Using a constant perfusion technique, sodium and bicarbonate absorption was studied in human subjects. The following observations were made on sodium absorption from saline solution: (a) the rate of sodium absorption is markedly influenced by bulk water flow, (b) when net water flow is zero, sodium absorption is zero if there are no concentration gradients between plasma and lumen that favor net NaCl diffusion; and (c) the PD between abraded skin and jejunal lumen is near zero when saline is perfused and does not change with partial substitution of sulfate or bicarbonate for chloride. Based on these observations, we conclude that sodium absorption from saline is entirely passive in the human jejunum. On the other hand, in the presence of bicarbonate sodium is absorbed actively against electrochemical gradients. The mechanism of the link between bicarbonate and sodium absorption was studied in normal subjects and in 11 patients with pernicious anemia; the latter were chosen because they do not secrete gastric acid which can react with bicarbonate in the jejunal lumen. We observed that bicarbonate absorption (a) occurs against steep electrochemical gradients, (b) does not generate a potential difference between abraded skin and jejunal lumen, (c) is inhibited by acetazolamide, and (d) generates a high CO2 tension in jejunal fluid. These observations suggest that bicarbonate absorption is mediated by active hydrogen secretion, rather than by bicarbonate ion transport per se, and that the link between sodium and bicarbonate transport is best explained by a sodium-hydrogen exchange process.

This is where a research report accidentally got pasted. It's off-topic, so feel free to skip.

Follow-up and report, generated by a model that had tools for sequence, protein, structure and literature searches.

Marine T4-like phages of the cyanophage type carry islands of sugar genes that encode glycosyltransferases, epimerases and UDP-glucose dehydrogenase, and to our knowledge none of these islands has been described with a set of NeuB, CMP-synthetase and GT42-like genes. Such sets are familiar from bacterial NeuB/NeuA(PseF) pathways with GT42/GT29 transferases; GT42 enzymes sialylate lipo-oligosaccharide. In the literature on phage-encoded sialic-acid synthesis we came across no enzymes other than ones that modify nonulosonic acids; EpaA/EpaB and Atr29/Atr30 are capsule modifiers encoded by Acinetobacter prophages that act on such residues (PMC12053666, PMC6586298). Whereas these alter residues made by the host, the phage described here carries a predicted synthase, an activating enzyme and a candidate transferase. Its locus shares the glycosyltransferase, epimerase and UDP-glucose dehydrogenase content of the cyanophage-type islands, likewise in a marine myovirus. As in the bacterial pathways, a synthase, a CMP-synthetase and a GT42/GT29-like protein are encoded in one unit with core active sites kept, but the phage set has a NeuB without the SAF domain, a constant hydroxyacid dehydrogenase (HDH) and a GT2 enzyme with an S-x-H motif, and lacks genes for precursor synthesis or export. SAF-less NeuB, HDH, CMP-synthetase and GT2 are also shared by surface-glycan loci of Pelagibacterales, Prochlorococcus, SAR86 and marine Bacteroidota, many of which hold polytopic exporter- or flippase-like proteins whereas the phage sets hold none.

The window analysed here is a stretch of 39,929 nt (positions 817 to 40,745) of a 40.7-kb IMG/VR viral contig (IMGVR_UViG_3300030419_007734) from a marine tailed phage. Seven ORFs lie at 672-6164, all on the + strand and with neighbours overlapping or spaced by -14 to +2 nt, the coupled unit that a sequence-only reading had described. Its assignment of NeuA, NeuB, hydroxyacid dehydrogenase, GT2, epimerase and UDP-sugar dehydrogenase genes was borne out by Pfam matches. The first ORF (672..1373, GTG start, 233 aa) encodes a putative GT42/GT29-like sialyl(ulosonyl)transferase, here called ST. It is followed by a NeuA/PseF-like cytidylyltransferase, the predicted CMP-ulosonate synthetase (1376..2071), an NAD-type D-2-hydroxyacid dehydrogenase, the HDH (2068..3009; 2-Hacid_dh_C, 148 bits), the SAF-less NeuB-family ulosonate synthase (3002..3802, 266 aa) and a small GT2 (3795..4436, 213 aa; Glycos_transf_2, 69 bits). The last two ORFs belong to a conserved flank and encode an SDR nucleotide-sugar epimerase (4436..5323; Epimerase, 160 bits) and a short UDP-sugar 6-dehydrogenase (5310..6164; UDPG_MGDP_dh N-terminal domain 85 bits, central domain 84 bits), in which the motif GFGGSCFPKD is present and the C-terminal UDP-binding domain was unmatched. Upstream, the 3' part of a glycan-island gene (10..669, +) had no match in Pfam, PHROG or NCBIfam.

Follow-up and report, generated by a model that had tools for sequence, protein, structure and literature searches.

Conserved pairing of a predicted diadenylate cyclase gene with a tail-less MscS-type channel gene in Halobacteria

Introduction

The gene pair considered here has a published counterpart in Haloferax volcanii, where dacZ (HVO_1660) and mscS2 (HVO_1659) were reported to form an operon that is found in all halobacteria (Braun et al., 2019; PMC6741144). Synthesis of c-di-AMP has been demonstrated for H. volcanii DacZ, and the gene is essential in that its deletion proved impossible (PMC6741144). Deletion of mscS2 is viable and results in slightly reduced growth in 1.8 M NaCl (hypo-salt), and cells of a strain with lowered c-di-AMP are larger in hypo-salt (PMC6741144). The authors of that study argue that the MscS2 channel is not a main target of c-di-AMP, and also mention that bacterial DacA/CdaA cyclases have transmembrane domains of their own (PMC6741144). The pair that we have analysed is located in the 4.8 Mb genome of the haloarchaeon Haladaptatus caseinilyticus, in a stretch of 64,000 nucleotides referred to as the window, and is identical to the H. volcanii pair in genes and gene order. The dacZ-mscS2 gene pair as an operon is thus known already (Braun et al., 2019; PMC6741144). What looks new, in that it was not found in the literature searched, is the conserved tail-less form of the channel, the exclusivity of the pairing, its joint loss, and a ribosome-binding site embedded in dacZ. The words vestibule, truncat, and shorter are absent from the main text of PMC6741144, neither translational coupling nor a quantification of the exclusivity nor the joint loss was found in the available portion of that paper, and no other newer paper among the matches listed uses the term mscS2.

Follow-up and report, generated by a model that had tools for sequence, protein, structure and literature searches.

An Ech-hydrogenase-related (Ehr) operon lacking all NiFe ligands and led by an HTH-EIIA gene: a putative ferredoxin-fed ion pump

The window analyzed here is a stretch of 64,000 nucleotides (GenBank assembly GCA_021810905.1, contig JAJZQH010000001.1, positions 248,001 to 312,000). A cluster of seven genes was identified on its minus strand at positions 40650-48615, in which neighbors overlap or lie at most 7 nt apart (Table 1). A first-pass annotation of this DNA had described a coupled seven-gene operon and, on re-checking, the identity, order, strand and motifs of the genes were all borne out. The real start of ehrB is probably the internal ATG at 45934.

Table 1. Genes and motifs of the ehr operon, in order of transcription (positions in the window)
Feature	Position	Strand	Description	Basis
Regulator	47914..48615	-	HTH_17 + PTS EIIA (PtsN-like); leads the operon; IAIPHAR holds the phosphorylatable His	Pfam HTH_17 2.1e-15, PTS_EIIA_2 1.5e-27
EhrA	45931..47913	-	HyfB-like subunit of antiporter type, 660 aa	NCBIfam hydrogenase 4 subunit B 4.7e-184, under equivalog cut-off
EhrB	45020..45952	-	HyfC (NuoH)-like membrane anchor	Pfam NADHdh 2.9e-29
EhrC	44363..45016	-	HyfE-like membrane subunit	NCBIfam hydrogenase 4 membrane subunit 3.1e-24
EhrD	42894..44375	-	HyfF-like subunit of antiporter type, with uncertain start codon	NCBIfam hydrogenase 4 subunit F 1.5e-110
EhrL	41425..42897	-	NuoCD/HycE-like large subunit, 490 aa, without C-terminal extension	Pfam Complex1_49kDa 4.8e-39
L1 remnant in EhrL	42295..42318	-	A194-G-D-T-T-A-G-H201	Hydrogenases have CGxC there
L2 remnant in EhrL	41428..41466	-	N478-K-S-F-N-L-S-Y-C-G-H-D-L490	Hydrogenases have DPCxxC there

PIP: In this study of bicarbonate and sodium absorption in the intestine, absorption in a 30-cm segment of intestine was studied by the Ingelfinger triple-lumen perfusion system, which involves perfusion of test solutions into the intestine and sampling of gut contents 10 and 40 cm beyond the infusion marker. Human subjects were used. Observations made from these experiments on the mechanism of bicarbonate absorption and its relationship to sodium transport in the jejunum from saline solutions include: 1) the rate of sodium absorption is influenced greatly by bulk water flow; 2) when net water flow is zero, sodium absorption is zero in the absence of concentration gradients betwee plasma and lumen; and 3) the potential difference between abraded skin and jejunal lumen is near zero when saline is perfused and does not change when sulfate or bicarbonate is partially substituted for the chloride. It is concluded that sodium absorption from saline is entirely passive in the human jejunum; in the presence of bicarbonate, sodium is actively absorbed against electrochemical gradients. This study also looked at the mechanism of the link between bicarbonate and sodium absorption. Normal subjects and 11 patients with pernicious anemia were studied. Bicarbonate absorption was found to 1) occur against steep electrochemical gradients; 2) not generate a potential difference between abraded skin and jejunal lumen; 3) be inhibited by acetazolamide; and 4) generate a high carbon dioxide tension in jejunal. These observations led to the conclusion that bicarbonate absorption is mediated by active hydrogen secretion rather than by bicarbonate ion transport per se, making the best explanation for the link between sodium and bicarbonate transport a sodium-hydrogen exchange process.